When you think about your favorite books, what’s your perspective? Do you remember the story first? The characters? The cover? The illustrations?

For many of us, it’s the book cover. Yesterday, I was looking for books about cats. I wanted to recommend some classics. I remember a book from the 1960s that had a boy and a cat on the cover. Both of them were facing away from me, looking at a neighborhood. I remember that the cover is yellow. Do you know the book I’m talking about? I asked Steve, because he frequently talks about this book. When I described the cover, he knew right away: It’s Like This, Cat by Emily Cheney Neville. (I’m not publishing the cover here because I don’t want to give it away. Take a look at the bottom of this article.)

Often it’s the illustrations. Who can forget the thick black outlines of My Friend Rabbit? Or the clear, bright colors of My Heart is Like a Zoo? Or the pen and ink drawings of Lois Lenski?

gr_myheart

Sometimes it’s the characters. The book with the spider and the pig. That one with the adventurous red-haired girl with pigtails. That book where the high-school kids share their poetry in class. That autobiography of the author growing up in Cuba and the USA. Those characters are so memorable that, once read, we can’t forget them. (The book covers are posted at the end of this article.)

When we’re meeting with the Chapter & Verse book club each month, the last half-hour is a time to recommend books we’ve enjoyed. I always add to my reading list. Do you have an intentional, set-aside time for talking with other adults about the children’s books they’re reading and are thrilled to recommend? I particularly love it when they’re books that aren’t on the buzzers’ radar. I feel as though we’ve shared a secret.

Chapter & Verse Book Club, Redbery Books, Cable, Wisconsin

Chapter & Verse Book Club, Redbery Books, Cable, Wisconsin

I also hunt through the state lists. These are books that educators and librarians are choosing because they know they have kid appeal. So often, these are not books that have been on award lists … but they’re passed along, buzzed about among child readers, recommended by the adults in their lives.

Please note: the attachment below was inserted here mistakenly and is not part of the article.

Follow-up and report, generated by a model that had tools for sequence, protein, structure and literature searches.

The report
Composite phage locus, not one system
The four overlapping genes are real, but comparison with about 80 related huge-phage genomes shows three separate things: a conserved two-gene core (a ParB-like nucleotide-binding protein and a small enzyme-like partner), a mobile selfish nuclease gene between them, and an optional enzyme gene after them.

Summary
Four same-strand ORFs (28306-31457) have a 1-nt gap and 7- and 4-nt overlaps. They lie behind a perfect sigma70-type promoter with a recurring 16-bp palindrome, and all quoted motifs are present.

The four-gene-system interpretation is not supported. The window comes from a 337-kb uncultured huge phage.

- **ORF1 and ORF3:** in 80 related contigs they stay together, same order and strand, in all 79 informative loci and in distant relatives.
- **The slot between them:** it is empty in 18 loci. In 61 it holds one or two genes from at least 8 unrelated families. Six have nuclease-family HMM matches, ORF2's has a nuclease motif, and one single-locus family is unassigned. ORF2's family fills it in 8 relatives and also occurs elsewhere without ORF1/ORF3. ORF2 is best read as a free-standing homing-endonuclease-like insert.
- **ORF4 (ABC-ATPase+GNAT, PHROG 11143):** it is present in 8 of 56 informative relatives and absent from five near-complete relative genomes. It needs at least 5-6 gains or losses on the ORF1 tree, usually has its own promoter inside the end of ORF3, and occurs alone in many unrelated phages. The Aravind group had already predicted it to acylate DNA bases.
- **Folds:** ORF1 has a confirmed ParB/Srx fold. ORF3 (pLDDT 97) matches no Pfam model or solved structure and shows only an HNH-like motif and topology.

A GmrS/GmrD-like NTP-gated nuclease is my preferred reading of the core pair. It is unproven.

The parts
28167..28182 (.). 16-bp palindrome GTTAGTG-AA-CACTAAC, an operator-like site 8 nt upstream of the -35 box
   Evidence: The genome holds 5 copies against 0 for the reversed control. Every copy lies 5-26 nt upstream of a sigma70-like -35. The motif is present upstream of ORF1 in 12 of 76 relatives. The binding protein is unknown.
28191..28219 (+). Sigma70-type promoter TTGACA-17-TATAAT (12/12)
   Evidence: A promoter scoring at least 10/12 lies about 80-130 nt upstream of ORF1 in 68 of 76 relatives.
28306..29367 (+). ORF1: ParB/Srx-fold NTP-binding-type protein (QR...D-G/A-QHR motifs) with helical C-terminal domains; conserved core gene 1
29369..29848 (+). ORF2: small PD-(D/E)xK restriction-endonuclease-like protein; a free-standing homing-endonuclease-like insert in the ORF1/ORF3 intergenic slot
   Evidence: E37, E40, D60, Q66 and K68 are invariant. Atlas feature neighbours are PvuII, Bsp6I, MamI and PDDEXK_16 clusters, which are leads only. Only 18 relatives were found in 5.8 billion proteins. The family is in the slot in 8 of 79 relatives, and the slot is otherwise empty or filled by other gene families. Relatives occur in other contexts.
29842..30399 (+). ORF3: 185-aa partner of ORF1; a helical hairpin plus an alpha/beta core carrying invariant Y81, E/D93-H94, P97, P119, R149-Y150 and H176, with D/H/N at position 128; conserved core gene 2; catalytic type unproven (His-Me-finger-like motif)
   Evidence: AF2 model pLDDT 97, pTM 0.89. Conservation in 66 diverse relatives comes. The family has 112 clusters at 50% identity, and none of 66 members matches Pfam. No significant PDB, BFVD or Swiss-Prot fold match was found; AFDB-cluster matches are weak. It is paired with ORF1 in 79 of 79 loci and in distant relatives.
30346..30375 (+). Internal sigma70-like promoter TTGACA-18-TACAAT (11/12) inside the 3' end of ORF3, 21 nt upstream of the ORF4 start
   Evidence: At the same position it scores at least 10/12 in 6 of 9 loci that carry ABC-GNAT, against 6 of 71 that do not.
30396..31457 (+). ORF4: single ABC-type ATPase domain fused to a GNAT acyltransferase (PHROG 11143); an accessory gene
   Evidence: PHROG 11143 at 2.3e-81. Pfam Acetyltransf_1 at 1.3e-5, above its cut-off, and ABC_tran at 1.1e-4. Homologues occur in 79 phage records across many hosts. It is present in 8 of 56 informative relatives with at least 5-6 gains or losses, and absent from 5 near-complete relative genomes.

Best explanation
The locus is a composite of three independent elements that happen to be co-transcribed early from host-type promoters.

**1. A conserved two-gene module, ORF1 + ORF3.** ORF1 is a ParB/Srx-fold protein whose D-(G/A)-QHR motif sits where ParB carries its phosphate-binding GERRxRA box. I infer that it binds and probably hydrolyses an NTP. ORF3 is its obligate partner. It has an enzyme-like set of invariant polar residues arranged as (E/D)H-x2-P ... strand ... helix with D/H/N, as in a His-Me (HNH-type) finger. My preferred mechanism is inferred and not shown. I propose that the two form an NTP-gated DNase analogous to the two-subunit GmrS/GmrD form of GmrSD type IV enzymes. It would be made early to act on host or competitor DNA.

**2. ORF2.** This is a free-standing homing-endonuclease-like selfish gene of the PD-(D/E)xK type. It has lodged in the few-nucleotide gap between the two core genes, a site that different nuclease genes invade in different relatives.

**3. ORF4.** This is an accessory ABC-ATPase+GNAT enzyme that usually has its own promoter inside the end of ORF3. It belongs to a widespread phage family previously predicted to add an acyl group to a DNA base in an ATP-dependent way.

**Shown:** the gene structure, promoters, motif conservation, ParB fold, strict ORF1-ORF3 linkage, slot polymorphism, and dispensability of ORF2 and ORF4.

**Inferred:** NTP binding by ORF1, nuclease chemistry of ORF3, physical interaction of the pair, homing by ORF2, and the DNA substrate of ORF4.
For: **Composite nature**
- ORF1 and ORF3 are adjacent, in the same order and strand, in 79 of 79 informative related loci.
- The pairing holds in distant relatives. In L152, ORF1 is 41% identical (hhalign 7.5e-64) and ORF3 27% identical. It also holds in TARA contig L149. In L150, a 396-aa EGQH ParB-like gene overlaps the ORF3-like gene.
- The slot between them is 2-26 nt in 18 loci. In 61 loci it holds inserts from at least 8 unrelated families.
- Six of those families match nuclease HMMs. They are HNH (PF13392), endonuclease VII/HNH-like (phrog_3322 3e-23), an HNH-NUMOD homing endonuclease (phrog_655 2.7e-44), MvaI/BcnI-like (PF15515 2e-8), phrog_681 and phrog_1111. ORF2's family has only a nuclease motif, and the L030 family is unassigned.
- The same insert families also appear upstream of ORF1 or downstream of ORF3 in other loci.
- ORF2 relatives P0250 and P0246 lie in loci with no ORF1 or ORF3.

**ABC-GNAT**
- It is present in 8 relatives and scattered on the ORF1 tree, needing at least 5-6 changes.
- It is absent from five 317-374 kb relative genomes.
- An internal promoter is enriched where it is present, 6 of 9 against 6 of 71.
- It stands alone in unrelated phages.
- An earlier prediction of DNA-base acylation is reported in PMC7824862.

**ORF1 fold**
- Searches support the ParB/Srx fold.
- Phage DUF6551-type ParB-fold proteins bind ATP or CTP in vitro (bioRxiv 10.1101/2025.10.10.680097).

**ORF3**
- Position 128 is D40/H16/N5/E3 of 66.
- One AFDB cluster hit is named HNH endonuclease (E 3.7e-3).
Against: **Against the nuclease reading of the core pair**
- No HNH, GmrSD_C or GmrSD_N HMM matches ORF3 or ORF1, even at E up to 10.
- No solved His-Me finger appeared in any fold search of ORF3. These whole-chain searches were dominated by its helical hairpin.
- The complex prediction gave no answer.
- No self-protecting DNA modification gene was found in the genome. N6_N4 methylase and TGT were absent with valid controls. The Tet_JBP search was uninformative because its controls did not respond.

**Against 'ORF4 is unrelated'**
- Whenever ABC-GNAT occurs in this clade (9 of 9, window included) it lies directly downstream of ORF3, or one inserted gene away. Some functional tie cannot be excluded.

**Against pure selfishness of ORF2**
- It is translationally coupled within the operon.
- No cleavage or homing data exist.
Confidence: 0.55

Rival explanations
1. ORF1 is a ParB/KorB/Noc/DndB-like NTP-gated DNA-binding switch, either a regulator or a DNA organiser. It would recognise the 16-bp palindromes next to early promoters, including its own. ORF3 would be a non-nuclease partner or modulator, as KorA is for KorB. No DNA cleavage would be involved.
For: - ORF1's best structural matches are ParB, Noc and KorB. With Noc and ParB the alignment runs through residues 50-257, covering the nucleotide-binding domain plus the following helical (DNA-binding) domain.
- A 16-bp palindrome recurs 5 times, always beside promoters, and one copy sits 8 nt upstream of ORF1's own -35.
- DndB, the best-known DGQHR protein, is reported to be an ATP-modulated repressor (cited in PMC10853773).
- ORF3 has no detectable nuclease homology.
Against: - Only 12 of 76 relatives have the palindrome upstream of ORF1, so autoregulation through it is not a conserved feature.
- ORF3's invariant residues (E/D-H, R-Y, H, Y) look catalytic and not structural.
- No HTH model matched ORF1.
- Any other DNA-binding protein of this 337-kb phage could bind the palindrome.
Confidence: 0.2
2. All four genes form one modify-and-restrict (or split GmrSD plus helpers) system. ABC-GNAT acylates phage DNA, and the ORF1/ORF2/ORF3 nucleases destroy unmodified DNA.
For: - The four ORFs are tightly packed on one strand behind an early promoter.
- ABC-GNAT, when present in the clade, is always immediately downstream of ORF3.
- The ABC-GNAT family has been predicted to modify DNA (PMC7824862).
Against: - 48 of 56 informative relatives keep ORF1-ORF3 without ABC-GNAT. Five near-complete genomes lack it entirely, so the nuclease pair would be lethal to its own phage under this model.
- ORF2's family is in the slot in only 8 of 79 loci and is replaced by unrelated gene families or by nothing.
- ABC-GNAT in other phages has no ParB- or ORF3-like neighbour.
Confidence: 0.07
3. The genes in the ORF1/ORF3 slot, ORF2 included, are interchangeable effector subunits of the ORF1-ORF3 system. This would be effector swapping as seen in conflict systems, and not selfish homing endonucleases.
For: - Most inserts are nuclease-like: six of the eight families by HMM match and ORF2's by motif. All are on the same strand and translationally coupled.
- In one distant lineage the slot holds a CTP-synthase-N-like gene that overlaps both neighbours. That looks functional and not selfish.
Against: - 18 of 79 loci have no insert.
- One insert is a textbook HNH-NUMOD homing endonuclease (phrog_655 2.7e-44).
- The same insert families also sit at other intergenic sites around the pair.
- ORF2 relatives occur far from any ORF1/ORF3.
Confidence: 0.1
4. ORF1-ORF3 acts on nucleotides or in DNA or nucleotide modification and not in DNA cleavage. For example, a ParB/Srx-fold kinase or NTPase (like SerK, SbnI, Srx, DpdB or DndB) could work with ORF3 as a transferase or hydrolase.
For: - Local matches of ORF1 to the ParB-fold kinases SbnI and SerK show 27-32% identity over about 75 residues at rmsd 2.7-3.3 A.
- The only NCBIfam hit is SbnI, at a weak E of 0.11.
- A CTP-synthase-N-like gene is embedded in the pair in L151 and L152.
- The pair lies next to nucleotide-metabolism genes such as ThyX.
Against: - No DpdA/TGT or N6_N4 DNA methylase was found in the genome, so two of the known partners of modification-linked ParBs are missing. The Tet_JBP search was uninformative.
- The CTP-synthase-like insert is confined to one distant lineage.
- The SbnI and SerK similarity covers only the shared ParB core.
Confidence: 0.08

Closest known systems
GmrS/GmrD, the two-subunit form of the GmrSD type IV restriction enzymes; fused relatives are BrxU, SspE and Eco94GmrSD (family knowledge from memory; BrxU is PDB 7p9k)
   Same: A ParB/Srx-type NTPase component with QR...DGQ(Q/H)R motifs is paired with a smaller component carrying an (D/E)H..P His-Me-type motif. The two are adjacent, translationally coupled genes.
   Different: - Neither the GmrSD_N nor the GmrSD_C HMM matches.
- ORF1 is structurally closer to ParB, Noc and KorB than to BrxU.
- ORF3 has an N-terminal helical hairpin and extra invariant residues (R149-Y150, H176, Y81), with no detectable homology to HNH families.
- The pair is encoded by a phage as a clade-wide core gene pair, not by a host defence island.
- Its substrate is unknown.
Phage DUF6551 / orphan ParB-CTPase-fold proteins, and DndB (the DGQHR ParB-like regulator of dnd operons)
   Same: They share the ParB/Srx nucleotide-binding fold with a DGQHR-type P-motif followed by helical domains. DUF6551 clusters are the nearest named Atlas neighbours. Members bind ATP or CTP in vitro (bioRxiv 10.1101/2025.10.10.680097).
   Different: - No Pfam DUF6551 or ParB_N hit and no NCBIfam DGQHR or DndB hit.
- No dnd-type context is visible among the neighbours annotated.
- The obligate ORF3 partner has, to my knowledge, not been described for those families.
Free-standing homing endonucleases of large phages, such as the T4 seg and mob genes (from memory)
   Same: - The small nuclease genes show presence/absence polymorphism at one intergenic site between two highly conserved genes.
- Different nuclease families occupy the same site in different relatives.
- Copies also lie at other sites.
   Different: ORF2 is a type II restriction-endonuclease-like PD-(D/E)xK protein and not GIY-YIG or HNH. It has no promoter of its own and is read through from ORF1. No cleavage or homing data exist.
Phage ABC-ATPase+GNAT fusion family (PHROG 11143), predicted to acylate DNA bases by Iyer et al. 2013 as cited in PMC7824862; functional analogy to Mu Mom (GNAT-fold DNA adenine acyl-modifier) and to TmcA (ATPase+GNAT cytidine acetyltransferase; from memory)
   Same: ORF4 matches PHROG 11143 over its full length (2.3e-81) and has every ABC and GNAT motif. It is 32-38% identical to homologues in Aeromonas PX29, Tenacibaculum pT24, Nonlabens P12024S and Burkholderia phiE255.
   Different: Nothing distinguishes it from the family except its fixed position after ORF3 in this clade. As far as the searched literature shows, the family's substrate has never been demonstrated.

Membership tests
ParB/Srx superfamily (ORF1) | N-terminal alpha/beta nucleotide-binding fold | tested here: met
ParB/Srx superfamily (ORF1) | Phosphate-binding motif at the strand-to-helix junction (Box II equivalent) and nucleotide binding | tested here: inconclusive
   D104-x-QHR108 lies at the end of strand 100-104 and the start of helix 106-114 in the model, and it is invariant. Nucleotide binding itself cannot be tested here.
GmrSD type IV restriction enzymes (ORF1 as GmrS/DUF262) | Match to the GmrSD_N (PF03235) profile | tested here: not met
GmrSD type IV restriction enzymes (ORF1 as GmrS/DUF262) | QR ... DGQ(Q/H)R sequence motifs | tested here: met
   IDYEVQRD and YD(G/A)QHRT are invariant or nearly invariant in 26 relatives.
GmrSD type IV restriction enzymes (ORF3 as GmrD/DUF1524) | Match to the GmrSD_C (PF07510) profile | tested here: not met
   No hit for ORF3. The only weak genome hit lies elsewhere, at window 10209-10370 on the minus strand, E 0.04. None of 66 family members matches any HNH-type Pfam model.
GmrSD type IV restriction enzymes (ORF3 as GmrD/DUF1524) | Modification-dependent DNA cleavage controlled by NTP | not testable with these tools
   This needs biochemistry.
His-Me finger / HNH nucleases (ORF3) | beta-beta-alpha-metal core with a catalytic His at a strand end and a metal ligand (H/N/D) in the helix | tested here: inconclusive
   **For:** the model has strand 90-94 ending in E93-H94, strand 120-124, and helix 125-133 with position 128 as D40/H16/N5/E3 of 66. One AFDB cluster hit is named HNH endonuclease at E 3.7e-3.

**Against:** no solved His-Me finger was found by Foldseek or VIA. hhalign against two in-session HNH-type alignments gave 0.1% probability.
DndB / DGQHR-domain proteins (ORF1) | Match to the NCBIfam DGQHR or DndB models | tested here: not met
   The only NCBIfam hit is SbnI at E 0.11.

State Choice Awards

Not all books need to be new. There are fabulous books hiding on the library shelves and in used bookstores. Do a subject search. It’s amazing what you can find by looking at a library catalog or doing an online search.

Everyone’s publishing booklists these days. How do you know which ones to follow? Do the titles resonate with you? Do you find yourself eagerly adding their suggestions to your TBR pile? Then bookmark those lists! Visit them frequently or sign up to receive notifications when they publish their next list.

The award books and books with stars are one way to find good books but don’t rely solely on those sources. Don’t forget the wealth of fabulous books that fly under the radar.

Talk to each other. Adult to adult. Child to adult. Child to child. Adult to child. Old or new. Hidden treasure or bestseller. We learn about the best books when we hear recommendations from another reader, another perspective.

books described in the article

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Fevered Reading

Let me be very clear. I do not ever want my kids to be sick. We’ve had run-o-the-mill childhood sickness and we’ve had serious sickness—I don’t like either kind. I would wish only good health, happiness, sunshine, and lollipops for my children and the children of the world. And we are fortunate and grateful to […]